The command to “shake the dust off your feet” appears only four times in the New Testament. In each case the command is spoken by Jesus to His disciples when He sent them out two by two.
Matthew 10:14-15 NKJV
And whoever will not receive you nor hear your words, when you depart from that house or city, shake off the dust from your feet.  Assuredly, I say to you, it will be more tolerable for the land of Sodom and Gomorrah in the day of judgment than for that city!
Luke 9:4-6 NKJV
“Whatever house you enter, stay there, and from there depart.  And whoever will not receive you, when you go out of that city, shake off the very dust from your feet as a testimony against them.”  So they departed and went through the towns, preaching the gospel and healing everywhere.
In Mark 6:11 Jesus says, “And if any place will not welcome you or listen to you, leave that place and shake the dust off your feet as a testimony against them.”
In the Matthew 10 account, Jesus clarifies His meaning: “Truly I tell you, it will be more bearable for Sodom and Gomorrah on the day of judgment than for that town” (v 15).
Shaking the dust off one’s feet conveys the same idea as our modern phrase “I wash my hands of it.” Shaking the dust off the feet is a symbolic indication that one has done all that can be done in a situation and therefore carries no further responsibility for it. In the scriptural examples, Jesus was telling His disciples that they were to preach the gospel to everyone. Where they were received with joy, they should stay and teach. But where their message was rejected, they had no further responsibility. They were free to walk away with a clear conscience, knowing they had done all they could do. Shaking the dust off their feet was, in effect, saying that those who rejected God’s truth would not be allowed to hinder the furtherance of the gospel. Even the dust of those cities that rejected the Lord was an abomination and would not be allowed to cling to the feet of God’s messengers.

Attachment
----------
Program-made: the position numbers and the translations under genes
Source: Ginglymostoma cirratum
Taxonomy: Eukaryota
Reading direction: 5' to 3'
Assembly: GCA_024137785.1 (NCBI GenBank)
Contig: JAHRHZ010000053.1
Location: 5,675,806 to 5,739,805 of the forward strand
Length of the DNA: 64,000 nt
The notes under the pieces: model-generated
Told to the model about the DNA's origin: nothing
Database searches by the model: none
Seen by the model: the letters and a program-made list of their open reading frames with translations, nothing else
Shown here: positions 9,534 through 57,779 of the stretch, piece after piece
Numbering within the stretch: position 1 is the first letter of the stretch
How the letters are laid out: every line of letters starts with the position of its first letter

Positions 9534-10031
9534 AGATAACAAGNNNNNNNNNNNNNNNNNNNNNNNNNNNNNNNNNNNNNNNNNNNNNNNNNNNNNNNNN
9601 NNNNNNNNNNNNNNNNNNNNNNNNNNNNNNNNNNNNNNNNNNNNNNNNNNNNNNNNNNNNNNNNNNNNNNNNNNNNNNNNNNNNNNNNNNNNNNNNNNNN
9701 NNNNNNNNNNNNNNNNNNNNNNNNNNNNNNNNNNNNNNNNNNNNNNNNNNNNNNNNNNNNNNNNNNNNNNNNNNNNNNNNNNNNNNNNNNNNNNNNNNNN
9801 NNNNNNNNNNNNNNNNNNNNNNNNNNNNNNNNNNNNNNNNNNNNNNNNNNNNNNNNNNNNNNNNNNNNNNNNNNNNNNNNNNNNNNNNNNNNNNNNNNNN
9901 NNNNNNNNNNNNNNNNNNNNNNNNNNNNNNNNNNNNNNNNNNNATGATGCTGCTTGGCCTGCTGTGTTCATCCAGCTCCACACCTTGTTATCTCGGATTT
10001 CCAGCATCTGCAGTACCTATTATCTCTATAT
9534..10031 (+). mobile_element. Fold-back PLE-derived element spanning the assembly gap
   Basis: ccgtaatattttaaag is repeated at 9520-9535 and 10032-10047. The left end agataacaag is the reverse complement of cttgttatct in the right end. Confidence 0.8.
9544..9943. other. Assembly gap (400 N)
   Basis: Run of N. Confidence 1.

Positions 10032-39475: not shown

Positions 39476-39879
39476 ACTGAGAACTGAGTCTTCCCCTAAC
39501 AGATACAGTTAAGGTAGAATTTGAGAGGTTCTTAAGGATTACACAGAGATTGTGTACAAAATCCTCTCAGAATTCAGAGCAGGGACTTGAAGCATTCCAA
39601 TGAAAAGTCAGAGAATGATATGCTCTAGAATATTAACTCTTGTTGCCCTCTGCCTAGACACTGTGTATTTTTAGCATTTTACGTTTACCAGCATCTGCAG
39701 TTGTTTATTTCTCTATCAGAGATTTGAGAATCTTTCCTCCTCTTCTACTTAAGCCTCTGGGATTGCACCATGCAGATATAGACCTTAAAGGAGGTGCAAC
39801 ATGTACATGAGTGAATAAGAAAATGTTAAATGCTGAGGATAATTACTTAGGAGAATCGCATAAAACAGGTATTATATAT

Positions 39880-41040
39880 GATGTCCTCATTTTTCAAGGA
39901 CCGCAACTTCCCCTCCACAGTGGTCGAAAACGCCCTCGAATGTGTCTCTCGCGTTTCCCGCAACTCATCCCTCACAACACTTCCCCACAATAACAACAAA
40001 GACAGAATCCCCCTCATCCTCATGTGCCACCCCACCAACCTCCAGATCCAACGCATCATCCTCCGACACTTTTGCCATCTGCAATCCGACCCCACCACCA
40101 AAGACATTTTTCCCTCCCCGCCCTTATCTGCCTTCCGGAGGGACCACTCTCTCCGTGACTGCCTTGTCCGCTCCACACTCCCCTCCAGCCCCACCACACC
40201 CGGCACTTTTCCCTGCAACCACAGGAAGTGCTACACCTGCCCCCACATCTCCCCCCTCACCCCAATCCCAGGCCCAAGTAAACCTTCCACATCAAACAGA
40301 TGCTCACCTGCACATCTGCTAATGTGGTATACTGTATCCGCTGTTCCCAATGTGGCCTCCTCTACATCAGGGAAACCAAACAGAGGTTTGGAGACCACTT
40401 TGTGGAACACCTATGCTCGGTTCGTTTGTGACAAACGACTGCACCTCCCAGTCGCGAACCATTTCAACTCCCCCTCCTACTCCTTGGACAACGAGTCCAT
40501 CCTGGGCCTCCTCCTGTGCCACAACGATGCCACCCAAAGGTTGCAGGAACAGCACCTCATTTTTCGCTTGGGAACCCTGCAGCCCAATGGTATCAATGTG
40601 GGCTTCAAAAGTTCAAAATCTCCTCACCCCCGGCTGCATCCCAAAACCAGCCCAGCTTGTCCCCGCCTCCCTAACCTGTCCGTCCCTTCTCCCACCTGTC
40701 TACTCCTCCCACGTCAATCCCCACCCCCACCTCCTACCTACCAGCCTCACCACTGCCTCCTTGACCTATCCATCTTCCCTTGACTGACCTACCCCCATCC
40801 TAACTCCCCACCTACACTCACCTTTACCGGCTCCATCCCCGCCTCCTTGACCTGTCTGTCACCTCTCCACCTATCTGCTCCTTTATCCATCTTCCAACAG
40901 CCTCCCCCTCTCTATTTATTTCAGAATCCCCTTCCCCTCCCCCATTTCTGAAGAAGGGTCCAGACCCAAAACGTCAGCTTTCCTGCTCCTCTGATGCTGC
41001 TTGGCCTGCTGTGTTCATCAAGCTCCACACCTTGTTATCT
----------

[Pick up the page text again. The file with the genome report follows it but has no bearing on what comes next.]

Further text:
Embedded within this symbolic gesture was the implication that God also saw the dust-shaking and would judge people accordingly. There was a spiritual significance to a disciple of Jesus shaking the dust off his feet. It was a statement of finality about people who had been given the truth and who had rejected it. On their first missionary journey, Paul and Barnabas put Jesus’ words into practice. They had been preaching in Pisidian Antioch, but some of the Jewish leaders of that city stirred up persecution against the missionaries and had them expelled from the region. “So they shook the dust off their feet as a warning to them and went to Iconium” (Acts 13:51). Antioch may not have welcomed the gospel as they should have, but that didn’t keep the message from spreading to other areas. Paul and Barnabas had done all they were sent to do, and the responsibility was now on the shoulders of those in Antioch. The apostles had proclaimed truth boldly. Some had accepted it eagerly; some had rejected it with violence. The apostles were not responsible for the Antiochians’ level of acceptance, only for their own obedience to God.